Dr. Manhattan mentions his theory for being able to transfer his powers; would not be surprised to see that come up in next week’s episode.

Related to the previous note: Dr. Manhattan tells Angela he wanted her to see him outside by the pool. Does that mean we’ll see Will walk on water next week?

Lots of props given to Regina King throughout the series for her stunning performance – if Yahya Abdul-Mateen II is not nominated for a shitload of awards for his work in this episode, however, we riot.

A post-credits sequence finally reveals the use of Phillip’s infamous horseshoe – though it remains to be seen where this story is all heading, as Europa’s small world of clones desperately tries to keep another god from leaving them.

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‘Bojack Horseman’s Xmas Special Is the Height of Schmaltzy Satire

If you were lucky enough to grow up watching bad sitcoms with awful specials, then Bojack Horseman’s Christmas special is just for you.

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Bojack Horseman

Join us as we spend the next 25 days writing about some of our favourite Holiday TV specials! Today we look back at Bojack Horseman‘s “Sabrina’s Christmas Wish”.


When it comes to sitcoms, the grand tradition of the holiday special is a long time staple of the genre. The schmaltzy corniness of the 80s and 90s made these specials all the more egregious, and it is this tradition that Bojack Horseman echoes back to with its brilliant Christmas special.

Ostensibly just a full episode of Horsin’ Around (the show that made Bojack famous), Bojack Horseman‘s Christmas special only uses the present day as a framing device before diving into the stupid fun of a very special episode of Horsin’ Around.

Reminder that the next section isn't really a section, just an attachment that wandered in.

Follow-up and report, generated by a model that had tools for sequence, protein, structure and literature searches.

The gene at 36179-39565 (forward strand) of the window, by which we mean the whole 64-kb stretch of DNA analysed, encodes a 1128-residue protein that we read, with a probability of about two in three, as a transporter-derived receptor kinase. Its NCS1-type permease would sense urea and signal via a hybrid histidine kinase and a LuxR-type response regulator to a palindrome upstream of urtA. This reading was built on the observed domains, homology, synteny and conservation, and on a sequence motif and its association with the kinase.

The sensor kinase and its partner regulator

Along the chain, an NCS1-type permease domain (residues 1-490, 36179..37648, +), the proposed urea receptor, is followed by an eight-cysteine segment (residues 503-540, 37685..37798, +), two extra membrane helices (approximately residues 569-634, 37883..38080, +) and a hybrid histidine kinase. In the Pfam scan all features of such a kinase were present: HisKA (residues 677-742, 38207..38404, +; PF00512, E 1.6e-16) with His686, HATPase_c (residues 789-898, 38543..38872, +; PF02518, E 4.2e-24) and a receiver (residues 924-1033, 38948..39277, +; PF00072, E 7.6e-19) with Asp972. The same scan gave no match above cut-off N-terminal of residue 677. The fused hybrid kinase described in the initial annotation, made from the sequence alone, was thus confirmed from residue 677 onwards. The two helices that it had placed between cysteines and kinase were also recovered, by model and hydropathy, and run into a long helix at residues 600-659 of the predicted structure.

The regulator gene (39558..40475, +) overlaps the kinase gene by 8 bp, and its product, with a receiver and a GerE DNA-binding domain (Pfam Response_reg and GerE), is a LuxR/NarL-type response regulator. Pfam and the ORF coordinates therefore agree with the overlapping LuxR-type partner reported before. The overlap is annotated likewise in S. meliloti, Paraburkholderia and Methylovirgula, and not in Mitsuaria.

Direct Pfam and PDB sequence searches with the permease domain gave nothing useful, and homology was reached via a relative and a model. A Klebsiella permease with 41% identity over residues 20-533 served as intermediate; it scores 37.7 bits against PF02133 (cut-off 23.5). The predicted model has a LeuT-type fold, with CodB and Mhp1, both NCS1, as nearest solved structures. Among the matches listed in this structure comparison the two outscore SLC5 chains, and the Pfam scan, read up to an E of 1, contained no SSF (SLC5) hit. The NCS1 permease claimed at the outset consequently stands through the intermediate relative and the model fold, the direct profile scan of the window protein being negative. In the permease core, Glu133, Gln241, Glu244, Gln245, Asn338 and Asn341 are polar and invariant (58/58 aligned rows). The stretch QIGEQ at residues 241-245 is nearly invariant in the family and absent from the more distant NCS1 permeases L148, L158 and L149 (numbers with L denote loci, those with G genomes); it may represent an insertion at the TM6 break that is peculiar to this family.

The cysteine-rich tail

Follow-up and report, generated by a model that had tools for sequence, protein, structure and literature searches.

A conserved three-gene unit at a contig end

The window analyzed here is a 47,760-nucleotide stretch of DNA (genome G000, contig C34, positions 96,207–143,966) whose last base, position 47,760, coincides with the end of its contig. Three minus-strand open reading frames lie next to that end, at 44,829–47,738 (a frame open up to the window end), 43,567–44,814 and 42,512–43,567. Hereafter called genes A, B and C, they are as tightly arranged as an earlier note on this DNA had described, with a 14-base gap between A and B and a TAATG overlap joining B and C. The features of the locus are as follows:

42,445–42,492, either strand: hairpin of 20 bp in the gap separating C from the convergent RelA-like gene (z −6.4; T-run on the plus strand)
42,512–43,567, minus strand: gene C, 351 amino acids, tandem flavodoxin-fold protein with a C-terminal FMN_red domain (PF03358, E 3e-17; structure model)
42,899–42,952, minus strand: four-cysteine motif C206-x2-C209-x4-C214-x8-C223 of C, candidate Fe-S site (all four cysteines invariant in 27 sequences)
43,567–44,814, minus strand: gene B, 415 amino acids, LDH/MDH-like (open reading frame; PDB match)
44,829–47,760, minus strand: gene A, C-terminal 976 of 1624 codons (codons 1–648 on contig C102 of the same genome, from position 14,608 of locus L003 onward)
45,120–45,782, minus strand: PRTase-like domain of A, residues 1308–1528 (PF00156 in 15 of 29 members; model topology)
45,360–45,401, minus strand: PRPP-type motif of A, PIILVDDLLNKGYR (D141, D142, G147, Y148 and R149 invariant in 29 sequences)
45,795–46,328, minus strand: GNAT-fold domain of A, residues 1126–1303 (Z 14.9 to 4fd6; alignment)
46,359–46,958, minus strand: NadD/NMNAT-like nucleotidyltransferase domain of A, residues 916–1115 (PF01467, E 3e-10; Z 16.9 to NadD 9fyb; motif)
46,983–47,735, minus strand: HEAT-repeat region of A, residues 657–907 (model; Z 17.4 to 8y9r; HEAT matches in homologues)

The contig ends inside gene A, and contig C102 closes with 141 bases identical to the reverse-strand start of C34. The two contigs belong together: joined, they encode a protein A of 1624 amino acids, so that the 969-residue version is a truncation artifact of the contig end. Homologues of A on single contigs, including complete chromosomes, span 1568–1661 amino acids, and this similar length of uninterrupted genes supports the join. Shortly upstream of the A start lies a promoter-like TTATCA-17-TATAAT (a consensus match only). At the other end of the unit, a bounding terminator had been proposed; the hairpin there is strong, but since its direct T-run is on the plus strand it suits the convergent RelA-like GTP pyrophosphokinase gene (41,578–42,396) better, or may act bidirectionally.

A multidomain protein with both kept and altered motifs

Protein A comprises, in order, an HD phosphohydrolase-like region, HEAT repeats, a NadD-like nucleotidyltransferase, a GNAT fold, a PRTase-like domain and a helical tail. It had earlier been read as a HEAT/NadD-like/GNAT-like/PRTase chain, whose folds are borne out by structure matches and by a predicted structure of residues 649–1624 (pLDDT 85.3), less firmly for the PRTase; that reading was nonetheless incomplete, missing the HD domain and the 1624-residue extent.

The central plot of the episode focuses on Bojack’s youngest adopted child, Sabrina, wishing for her parents to come back to life after Bojack assures her that Santa can give her anything she wants for Christmas. Of course, in typical sitcom fashion, rather than simply explaining to Sabrina that Santa can’t bring people back from the dead, Bojack instead opts to try and trick her into being naughty so Santa will have an excuse not to grant her wish.

Bojack Horseman

The absolute apex of this silliness comes when Bojack tries to get Sabrina to give in and eat some freshly baked chocolate chip cookies. “I’ve heard of lookie-lookie don’t eat the cookie but this is ridiculous!” The use of lines like these in sitcoms is a classic cut to simpler and stupider times, where shows could really get away with lines as ham-fistedly ridiculous as these and actually call them jokes.

Ultimately this is the greatest strength of the Bojack Horseman Christmas special: calling back to the tropes of 80s and 90s sitcoms before satirizing and roasting them into oblivion.

All of the classics are here. From the annoying neighbor character, who is legitimately named Goober, to the absurd onslaught of character catchphrases that permeate the episode. The best of the latter comes from Ethan, the nerdy middle child, who espouses the line “Yowza-yowza-bo-bowsa!” to a few sparse claps and a cough from the unamused studio audience. That every character needed a catchphrase in these types of sitcoms is a given but to have one so bad that even the studio audience can’t be bothered to care is a beautiful bit of satire.

Bojack Horseman

Speaking of the studio audience, Bojack Horseman doesn’t stop using them for fodder there. Thanks to one very stupid audience member, some of the best moments of the episode come from reactions to classic sitcom tropes. For instance, when Bojack flirts with his secretary, while most of the audience opts for the classic whoops and cheers of yore, the idiot just yells “Kiss her!”. He also points out catchphrases (“She said the line!”) and lets out a confused “What!?!?” at the message of the episode.

If you were lucky (or unlucky) enough to grow up watching bad sitcoms with even worse Christmas specials every single year, then Bojack Horseman‘s Christmas special is just for you. Hearkening back to the nostalgia of the time before ripping it to shreds with endless glee, Bojack Horseman’s Christmas special isn’t just one of the funniest episodes of the show, it’s also one of its best.